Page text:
The UK Needs A Written Constitution

Today’s article was originally written as an opening speech for a debate I was due to attend tonight, but which I no longer can because it would be seen as “uncouth” and “so very, very wrong” to have to pause ever other paragraph to vomit into a bucket (post-Conference ‘flu is awful, I don’t know why we put ourselves through this every year).

Anyway, I thought you would enjoy this discussion of why the UK needs to codify its constitution; so I’m sharing my opening remarks with you here. I hope you enjoy it and I’d love to hear your views on it.


The UK Needs A Written Constitution

A constitution is not there to rule the country in the good times, it is there to protect it in the bad times. It’s the guiding hand that ensures the principles upon which a nation has been built cannot simply be tossed aside whenever they no longer suit the demagogues who have temporarily taken control.

Britain already has a written constitution, we just do not have a codified constitution. There are many constitutions around the world that are based on our Magna Carta; the document (and its subsequent re-drafts through the centuries) that represents the foundation of the British Constitution. We have the Bill of Rights (all of them) – and it’s this part of our Constitution that has become the most recent example of why we need to codify our Constitution into one document.

The Bill of Rights states that the Courts do not have jurisdiction over matters of Parliament; which used to include prorogation. The Supreme Court decided that it did have jurisdiction over prorogation. How did it do this? Because prorogation is a proceeding of Parliament only if acts of the Queen in Parliament are considered a part of the matters of parliament covered by the Bill of Rights.

This was long seen as something taken as a rule; in other words, it was a convention. Conventions are things taken as steadfast rules by those who adhere to them, but which has no weight in law. They are not in an Act, they are just something that is done because they were always done. My friends, that is no way to run a country.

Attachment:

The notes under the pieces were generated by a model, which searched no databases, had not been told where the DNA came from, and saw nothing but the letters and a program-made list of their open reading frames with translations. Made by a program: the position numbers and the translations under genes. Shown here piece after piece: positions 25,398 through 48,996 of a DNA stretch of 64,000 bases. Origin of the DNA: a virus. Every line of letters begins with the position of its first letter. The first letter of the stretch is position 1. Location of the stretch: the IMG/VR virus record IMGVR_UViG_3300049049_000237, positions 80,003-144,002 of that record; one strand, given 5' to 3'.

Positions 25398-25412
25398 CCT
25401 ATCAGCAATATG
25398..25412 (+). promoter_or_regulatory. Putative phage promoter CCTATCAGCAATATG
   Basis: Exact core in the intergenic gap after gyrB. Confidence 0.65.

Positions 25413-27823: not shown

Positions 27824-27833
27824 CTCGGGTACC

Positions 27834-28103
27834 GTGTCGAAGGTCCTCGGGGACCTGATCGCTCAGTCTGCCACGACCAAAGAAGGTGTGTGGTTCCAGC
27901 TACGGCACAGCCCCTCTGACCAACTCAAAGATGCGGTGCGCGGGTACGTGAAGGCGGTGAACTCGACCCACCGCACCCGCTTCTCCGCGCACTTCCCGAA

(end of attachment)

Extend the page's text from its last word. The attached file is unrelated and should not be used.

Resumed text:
Moreover, part of our Constitution doesn’t even have the quasi-legal status of a convention – parts of our Constitution come from books written by lawyers and civil servants who weren’t even in Parliament! A.V. Dicey’s Introduction to the Study of the Law of the Constitution, written in 1885, has been taught to lawyers for over a century because it has been so well received by lawyers and parliamentarians that it has come to hold the same weight as a parliamentary convention; yet it’s just a book. A book published by a judge. A book that was never law; but it is nevertheless considered to be part of our Constitution.

So we now have the terrible position where major, fundamental parts of the British Constitution have no weight in law whatsoever. They can be overwritten by any Act of Parliament, requiring a majority of only 1 vote to do it. They can be ignored by judges, politicians and the Speaker of the House (who seems to gain some perverse kind of delight in defying convention these days). Their weight in our legal and judicial system has been exposed as a mere mirage in the face of those who will pervert our nation for their own selfish gains.

This is no way to run a country. This is a shambolic situation that is bringing the oldest democracy in the world to its knees. It must change. We need a fully written, properly codified Constitution; and we need it now.

Oh, and as one last thing: in 2005 the Labour Government passed an Act of Parliament called the Constitutional Reform Act. You might remember this as the Act that created the Supreme Court (and thus stopped the Prime Minister from being able to prorogue the highest court in the land along with Parliament a few weeks ago). If we didn’t already have a written Constitution, why would we need an Act to reform it?

So in conclusion, the UK does need a written Constitution – which it already has – but it also needs to codify that Constitution. It should not be possible to drag out arguments over weeks simply because someone has gone to the trouble of digging up an ancient law or convention that they can use to wreak havoc on our nation.

We need to know what our Constitution says, what our rights are under that Constitution and, most importantly, what our responsibilities are under that Constitution; and we need everyone to be able to refer to the same document in order to do it. This is how we protect our country from the constitutional vandals who are attempting to destroy it for their own gain. I started this speech by saying a Constitution protects a nation in the bad times.

My friends, we are in one of those bad times right now; and the only way out of it is a proper written, codified Constitution to protect us all.

Thank you.

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